GPs should have better access to psychological therapies to reduce the cost of extra physical healthcare caused by mental illness.
A report published by the London School of Economics shows only a quarter of all patients with mental illness receive treatment for their condition.
It is claimed while mental illness accounts for 23% of the total burden of disease, it only receives 13% of NHS health expenditure.
Leading the study, Lord Layard of the Mental Health Policy Group, blasted current NHS commissioners for failing to commission the mental health services NICE recommend.
He claimed more expenditure on the most common mental disorders would "almost certainly cost the NHS nothing".
"Altogether the extra physical healthcare caused by mental illness now costs the NHS at least £10bn," he said.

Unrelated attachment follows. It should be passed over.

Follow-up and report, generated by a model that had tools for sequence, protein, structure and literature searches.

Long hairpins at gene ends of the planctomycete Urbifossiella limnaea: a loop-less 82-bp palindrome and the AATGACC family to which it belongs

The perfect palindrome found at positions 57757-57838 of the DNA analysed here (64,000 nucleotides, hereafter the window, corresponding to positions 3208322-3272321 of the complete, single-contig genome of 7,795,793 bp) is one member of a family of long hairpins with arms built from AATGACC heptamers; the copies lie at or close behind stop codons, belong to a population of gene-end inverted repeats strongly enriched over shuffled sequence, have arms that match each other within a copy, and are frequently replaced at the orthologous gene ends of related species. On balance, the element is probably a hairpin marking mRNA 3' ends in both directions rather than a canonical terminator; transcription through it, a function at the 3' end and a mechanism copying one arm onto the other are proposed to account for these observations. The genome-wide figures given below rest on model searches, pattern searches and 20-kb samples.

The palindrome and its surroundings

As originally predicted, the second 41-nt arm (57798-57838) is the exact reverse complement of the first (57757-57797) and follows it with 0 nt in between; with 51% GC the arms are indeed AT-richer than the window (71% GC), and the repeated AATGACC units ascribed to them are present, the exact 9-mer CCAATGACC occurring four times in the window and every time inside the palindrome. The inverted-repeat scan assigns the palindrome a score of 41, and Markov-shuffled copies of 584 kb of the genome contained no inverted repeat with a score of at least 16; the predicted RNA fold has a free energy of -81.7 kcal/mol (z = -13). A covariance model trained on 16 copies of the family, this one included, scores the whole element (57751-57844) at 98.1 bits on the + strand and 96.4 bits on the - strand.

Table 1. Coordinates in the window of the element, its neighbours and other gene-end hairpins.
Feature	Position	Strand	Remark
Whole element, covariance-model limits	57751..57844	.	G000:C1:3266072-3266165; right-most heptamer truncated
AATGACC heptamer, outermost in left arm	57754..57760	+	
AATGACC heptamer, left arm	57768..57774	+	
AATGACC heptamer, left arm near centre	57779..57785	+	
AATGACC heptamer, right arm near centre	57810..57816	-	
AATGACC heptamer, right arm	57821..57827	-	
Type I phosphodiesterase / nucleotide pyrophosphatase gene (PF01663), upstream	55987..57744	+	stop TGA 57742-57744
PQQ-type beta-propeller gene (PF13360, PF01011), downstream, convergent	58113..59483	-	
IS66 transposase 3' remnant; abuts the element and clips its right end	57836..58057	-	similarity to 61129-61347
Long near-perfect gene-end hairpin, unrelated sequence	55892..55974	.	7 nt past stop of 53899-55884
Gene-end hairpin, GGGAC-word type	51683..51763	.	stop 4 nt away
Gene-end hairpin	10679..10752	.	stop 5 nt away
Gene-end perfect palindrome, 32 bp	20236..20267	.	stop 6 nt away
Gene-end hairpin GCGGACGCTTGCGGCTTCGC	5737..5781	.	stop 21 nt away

"Much of this money would be better spent on psychological therapies for those people who have mental health problems on top of their physical problems."
The report says the resulting savings on NHS physical care outweigh the cost of the psychological therapy, partly because recovery rates are high.
Professor Clare Gerada, Chair of the Royal College of GPs, said GPs face "tremendous challenges" in caring for patients with mental health problems in primary care.
She said improving access to talking therapies would be a "major step forward" for patients and GPS alike.
"GPs must have access to a range of talking therapies, from counselling and cognitive behavioural therapy to longer term psychotherapies, for the wide range of conditions that we see in our consulting rooms," said Dr Gerada.
The report has called upon the government to do more to ensure commissioners are using the £400m set aside for 2011-14 for the national roll-out of Improved Access to Psychological Therapy (IAPT).